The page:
Just by making some of these Thanksgiving food swaps from the traditional green bean casserole, which can pack up to 600 calories and 15 grams of fat per 1 cup serving, we were able to get this lean, green bean casserole down to approximately 100 calories and 3 grams of fat.

Let me know if your pickiest of eaters can tell the difference. I am betting they go back for seconds.

Coach Josh’s Turkey Chili

Besides turkey, there is one other thing synonymous with Thanksgiving Day: football. And, there’s one thing that goes hand-in-hand with football: chili. (Okay, beer actually goes hand-in-hand with football too, but please bear with me.) Let’s bring the best of both worlds together with a delicious, metabolism-boosting turkey chili recipe (my favorite of the Thanksgiving food swaps)!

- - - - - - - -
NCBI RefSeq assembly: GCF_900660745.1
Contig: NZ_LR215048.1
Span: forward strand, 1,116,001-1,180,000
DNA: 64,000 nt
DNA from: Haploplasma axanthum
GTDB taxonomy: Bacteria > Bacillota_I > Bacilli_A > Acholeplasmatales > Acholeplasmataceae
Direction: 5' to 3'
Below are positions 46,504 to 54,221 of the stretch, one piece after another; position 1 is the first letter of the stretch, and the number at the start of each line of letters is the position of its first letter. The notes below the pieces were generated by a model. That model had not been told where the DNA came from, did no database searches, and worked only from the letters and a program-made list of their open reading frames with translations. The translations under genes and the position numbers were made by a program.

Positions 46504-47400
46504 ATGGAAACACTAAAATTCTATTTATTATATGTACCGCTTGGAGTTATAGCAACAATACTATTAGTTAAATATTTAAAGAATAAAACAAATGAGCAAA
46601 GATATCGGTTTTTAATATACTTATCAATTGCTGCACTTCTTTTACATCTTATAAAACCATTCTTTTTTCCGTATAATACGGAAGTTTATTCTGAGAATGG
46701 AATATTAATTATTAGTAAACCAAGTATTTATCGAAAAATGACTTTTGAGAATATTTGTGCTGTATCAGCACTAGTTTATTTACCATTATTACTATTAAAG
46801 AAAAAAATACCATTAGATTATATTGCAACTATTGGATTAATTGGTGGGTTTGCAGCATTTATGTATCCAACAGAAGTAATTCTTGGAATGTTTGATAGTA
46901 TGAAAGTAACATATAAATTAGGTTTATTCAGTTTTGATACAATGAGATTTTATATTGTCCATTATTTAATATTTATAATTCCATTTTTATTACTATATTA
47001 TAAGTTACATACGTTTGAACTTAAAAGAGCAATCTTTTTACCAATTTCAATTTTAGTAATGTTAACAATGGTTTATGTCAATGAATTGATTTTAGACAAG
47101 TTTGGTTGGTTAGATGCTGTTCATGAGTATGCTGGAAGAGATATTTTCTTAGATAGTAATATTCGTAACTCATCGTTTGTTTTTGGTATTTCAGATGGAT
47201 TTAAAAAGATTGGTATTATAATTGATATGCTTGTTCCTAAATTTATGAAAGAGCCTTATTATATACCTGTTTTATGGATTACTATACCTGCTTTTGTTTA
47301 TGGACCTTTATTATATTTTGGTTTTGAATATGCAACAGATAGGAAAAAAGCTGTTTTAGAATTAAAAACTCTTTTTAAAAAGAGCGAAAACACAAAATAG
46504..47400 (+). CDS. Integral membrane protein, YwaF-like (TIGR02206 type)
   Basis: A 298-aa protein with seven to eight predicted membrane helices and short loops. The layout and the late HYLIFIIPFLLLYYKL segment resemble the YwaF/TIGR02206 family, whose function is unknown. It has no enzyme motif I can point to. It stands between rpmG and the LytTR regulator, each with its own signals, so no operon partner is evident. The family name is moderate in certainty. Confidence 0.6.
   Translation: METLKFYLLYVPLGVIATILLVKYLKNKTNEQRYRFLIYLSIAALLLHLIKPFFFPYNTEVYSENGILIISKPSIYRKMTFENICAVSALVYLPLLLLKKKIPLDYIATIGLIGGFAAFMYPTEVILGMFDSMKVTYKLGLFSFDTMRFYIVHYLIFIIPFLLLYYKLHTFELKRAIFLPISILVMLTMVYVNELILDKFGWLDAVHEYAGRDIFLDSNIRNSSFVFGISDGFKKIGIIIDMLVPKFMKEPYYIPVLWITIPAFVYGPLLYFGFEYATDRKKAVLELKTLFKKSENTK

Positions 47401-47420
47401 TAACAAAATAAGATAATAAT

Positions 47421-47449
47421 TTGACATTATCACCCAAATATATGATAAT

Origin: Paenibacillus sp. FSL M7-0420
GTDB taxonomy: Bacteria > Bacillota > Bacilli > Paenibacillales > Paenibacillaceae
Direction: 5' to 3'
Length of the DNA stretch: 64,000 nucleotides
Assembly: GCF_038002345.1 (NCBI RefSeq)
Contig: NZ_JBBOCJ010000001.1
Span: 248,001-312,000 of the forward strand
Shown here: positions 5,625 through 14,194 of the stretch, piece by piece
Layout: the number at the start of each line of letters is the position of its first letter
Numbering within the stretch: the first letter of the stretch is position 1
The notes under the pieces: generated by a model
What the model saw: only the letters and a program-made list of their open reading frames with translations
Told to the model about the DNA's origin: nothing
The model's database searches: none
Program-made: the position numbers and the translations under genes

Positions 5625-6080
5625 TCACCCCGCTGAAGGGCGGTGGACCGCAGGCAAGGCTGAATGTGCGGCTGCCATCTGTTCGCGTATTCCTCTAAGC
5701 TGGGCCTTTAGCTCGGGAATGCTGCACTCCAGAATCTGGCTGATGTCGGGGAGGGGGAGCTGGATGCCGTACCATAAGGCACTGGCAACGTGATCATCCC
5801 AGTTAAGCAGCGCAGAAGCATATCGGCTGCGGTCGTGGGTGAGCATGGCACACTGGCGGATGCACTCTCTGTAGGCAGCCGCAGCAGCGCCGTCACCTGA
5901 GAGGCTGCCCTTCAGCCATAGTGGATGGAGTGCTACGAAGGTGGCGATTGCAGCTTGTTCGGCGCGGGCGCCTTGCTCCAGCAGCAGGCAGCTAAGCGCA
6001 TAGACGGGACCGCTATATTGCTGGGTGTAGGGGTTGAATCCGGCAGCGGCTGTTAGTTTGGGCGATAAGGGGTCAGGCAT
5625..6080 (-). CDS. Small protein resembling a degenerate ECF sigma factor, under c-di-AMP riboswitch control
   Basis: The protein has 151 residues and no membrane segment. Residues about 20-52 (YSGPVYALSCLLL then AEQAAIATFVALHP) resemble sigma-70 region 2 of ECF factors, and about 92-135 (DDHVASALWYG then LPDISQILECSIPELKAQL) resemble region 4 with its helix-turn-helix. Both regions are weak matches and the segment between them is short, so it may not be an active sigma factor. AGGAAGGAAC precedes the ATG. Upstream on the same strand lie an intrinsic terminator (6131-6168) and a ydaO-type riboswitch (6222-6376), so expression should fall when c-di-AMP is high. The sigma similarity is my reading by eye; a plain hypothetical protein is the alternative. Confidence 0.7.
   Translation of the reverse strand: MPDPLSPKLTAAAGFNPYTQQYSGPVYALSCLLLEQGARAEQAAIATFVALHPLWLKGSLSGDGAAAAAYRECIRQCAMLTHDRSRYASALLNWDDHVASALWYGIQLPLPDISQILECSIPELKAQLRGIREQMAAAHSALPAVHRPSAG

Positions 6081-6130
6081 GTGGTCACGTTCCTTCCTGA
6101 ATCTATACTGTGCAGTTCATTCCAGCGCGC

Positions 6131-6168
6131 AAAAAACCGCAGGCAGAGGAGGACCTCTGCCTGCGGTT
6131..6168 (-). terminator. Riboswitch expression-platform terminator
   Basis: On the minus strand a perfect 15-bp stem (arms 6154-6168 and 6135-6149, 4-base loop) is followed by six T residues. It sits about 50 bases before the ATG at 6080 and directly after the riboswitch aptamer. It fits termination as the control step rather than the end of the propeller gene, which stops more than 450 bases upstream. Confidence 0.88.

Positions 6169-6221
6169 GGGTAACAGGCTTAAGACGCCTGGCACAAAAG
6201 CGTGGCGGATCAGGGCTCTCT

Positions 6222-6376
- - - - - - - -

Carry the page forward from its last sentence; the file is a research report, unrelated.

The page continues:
• 1 ½ pounds ground white meat turkey
  • 1 onion, diced
  • 2 stalks celery, diced
  • 2 carrots, diced
  • 4 garlic cloves, peeled and minced
  • 1 Tbsp olive oil (or grass-fed butter)
  • One 14 ½ ounce can kidney beans, rinsed and drained
  • One 14 ½ ounce can black beans, rinsed and drained
  • One 14 ½ ounce can pinto beans, rinsed and drained
  • One 29 ounce can diced tomatoes
  • One 29 ounce can tomato sauce
  • 2 Tbsp ground cumin
  • 1 Tbsp chili powder
  • Salt to taste
  • Black pepper, cayenne, or chili pepper flakes to taste


  1. Cook and stir the onion, celery, and carrots in olive oil (or butter) over medium heat until softened, about 6 minutes.
  2. Add the ground turkey and garlic. Cook the turkey until it’s just done, taking care not to overcook.
  3. Add the remaining ingredients and simmer for 20 – 40 minutes (or longer), stirring occasionally.

Chef Tip: This recipe serves six, so you may have to adjust accordingly. Diced onion, jalapeño peppers, organic cheese, diced avocado, and cashew pieces all make great chili toppings.